Truth be told, a good share of our Annual Report is a little on the dry side.  Pages of statistics make for a good archival reference, but it's not exactly a potboiler.  This year, however, I couldn't wait to see the current photos paired with their partners from decades past, and the statistics from the horse and buggy era were a blast to see alongside the 2010 data. I particularly liked Katie's choice of the arrest data from 1915:  I guarantee you she picked that year specifically due to the 13 arrests listed for the offense of Insulting a Woman.

Katie, it's outstanding. Our employees and retirees will enjoy it very much, as will the general public.  You've turned the mundane into the exceptional--again!

Wednesday, May 4, 2011

Found in the desk

She's 27 now, and I don't think she's holding a grudge about this.

Monday, May 2, 2011

Marathon weekend

The Lincoln marathon and half-marathon was run this morning in perfect conditions.  The runners lined up and started starting (it took over a half hour) at 7:00 AM, with the temperature in the low 40s, the sun warming the spectators, and a light breeze to cool off the second half.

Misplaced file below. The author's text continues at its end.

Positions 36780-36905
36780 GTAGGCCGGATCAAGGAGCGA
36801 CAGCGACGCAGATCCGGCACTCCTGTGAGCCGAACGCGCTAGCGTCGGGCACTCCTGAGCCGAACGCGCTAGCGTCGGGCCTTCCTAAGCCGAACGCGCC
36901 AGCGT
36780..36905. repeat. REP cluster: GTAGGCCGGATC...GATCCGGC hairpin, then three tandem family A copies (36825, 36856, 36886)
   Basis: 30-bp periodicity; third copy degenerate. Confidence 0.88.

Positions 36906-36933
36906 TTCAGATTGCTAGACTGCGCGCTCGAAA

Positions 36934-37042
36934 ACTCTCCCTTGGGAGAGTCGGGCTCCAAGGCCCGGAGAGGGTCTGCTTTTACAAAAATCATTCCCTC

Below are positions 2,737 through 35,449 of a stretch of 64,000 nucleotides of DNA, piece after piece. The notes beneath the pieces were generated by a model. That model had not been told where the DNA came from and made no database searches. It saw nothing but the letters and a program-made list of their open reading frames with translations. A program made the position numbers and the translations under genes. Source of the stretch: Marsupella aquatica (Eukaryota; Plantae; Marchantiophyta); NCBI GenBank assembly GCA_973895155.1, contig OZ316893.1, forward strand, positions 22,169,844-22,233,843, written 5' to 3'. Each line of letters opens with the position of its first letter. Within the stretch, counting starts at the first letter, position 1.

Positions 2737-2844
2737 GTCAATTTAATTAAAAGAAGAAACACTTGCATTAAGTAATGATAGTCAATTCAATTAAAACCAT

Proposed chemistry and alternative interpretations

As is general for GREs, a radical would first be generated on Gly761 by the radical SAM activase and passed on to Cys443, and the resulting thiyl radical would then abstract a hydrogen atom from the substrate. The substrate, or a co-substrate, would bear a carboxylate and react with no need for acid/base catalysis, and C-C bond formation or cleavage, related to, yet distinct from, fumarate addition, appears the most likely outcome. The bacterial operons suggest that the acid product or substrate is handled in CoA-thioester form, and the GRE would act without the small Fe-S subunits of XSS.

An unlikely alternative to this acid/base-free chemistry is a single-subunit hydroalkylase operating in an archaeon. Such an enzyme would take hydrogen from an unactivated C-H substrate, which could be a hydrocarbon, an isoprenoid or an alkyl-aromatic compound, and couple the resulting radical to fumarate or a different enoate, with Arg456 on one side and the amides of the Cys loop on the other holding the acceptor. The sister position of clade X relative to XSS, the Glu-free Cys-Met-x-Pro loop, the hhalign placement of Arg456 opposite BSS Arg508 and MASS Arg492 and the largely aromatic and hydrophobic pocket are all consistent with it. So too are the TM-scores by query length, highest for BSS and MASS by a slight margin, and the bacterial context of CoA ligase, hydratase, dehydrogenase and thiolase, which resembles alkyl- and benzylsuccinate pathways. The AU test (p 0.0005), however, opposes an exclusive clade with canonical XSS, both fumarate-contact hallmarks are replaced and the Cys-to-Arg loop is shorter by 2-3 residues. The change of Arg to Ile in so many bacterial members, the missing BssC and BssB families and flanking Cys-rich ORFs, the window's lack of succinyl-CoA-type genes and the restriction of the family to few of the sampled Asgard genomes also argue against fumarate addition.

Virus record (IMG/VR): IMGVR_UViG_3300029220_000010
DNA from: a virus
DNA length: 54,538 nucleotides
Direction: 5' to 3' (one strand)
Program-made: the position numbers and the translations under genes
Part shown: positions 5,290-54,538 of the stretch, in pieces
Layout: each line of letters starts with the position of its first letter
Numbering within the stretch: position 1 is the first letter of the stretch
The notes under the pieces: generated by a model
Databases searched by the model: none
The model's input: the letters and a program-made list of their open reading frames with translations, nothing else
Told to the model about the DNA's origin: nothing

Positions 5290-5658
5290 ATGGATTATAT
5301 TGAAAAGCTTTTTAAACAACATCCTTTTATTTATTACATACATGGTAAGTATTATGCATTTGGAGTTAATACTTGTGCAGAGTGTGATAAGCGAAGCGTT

The Casady's were at 20th and Pawnee, where the fans lining the street performed the wave for the runners at the 15K mark.  This year, we cheered on our daughter and son-in-law, along with 9,998 other runners.  Aside from the years I ran the half or worked the traffic, this has been our favorite perch, as the runners crest a mean hill and catch their breath on a nice half mile downhill stretch.  We used the cool tracking app  to keep get ready for the camera work, and had a fine time with our best friends who live up the block.